Adelaide:India's batsmen imploded as Australia recorded an unlikely 50-run win in their tri-series match on Sunday.
After the Indian bowlers had done well to restrict Australia to 203 for nine on what looked a good batting wicket, the tourists were in control at 115 for four, but then collapsed against some disciplined bowling to be all out for 153 in the 42nd over.
The result handed Australia another bonus point, all but guaranteeing them a place in the tri-series finals.
India faltered early in the chase, losing three wickets for four runs to slump to 59 for four, but then captain Mahendra Singh Dhoni and the previously out-of-form Yuvraj Singh steadied the innings.
The pair put on 56 and appeared to be doing it easily, but the match again turned when Yuvraj miscued with a loose Brad Hogg long-hop and was caught in the deep by Stuart Clark for 26.
It was a major setback for India and things got much worse when Dhoni, who was batting with a runner due to cramp, was run out for 37 just 19 runs later.
A hesitant Rohit Sharma, running for Dhoni, was caught just out of his crease at the non-striker's end by a direct hit as India slumped to 134 for six.
Left-armer Mitchell Johnson bowled impressively to claim 3-42, all-rounder James Hopes did some early damage to bowl Australia back into the match and finished with 2-16, while Adam Gilchrist completed five dismissals.
Dhoni was livid with his team's batting and conceded his own dismissal was a crucial point in the match.
He said the Indian batsmen let their bowlers down and was critical of their application, especially given they gambled on an extra bowler when opener Virender Sehwag was ruled out of the match due to an injury.
"The bowlers did their job on a pitch that wasn't doing much," he said.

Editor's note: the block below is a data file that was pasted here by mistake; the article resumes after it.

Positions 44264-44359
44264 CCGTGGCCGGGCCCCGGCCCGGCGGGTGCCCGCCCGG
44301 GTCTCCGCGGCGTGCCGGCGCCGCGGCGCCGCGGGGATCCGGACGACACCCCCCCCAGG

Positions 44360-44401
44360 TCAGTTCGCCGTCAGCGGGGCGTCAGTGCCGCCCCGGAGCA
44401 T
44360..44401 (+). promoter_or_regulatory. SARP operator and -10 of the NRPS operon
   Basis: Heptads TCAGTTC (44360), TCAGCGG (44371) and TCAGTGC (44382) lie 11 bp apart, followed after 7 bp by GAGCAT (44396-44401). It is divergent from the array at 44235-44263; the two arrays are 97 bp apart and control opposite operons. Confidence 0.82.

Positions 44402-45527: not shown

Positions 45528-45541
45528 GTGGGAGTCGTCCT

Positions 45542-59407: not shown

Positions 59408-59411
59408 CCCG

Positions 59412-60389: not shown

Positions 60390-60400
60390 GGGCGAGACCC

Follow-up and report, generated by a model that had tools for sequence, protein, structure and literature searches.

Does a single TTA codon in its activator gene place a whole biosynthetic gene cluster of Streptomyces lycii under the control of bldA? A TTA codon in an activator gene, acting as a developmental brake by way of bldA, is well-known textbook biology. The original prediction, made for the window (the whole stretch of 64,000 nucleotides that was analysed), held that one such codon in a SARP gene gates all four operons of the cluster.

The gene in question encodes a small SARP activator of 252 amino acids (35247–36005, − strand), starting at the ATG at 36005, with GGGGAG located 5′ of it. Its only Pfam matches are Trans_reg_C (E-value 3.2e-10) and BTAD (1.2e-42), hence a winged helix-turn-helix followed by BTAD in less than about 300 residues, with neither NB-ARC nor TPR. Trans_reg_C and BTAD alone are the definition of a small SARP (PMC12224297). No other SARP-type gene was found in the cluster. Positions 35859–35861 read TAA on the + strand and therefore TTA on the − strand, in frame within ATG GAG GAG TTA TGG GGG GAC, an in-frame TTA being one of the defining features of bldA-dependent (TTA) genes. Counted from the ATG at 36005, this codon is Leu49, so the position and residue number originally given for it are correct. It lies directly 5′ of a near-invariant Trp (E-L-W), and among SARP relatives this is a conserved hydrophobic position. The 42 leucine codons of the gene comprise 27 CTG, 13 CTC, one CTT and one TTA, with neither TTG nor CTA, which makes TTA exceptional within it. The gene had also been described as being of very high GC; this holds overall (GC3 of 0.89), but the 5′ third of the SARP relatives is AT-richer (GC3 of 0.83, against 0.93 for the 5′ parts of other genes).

"The batsmen should have taken more responsibility ... we tried a few flashy shots.
"They have to take more responsibility, especially when you are playing with five bowlers and you are one batsman short."
Australia captain Ricky Ponting was also unimpressed by his team's batting and was sure the World Cup champions could improve greatly on their recent form.
"We are not batting very well, but we are doing enough to win some games," he said.
"Once again tonight our bowlers held us up and we were pretty sharp in the field and came away with a bonus point win.
"We haven't played our best cricket yet, but we are still on top of the table and are winning games of cricket, which is a good sign."
India's batsmen were unable to capitalise on the good work with the ball of Ishant Sharma (2-32) and Irfan Pathan (4-41).
The Australian top order again failed to fire, with Ponting's form woes continuing, and only a Michael Clarke half-century helped them set a competitive target after winning the toss and electing to bat.
Clarke, who had been in doubt for the match due to bruised ribs suffered when struck by a Lasith Malinga delivery on Friday, made 79 from 108 balls in a man-of-the-match performance, but lacked support until Hogg chipped in with 32 in a 72-run seventh-wicket stand.
Ponting came to the wicket with an obvious intent to get on top of the bowling with positive strokeplay, but the captain made just 10 before cutting the recalled Munaf Patel straight to Rohit Sharma at point.
It took Ponting's tally for the series to just 53 runs at 10.60 and his latest failure came just a couple of days after Gilchrist admitted the skipper was struggling with the burdens of a long and often controversial summer.
Andrew Symonds is another Australian batsman in the wars and he made just three before being caught by Robin Uthappa in gully from the bowling of Ishant Sharma, taking his tally for the series to just 38 runs at 9.50.
Australia were in deep trouble at 73 for five, but Clarke's innings got them back into the match and India's batsmen then blew the chance to make it successive wins over the home side.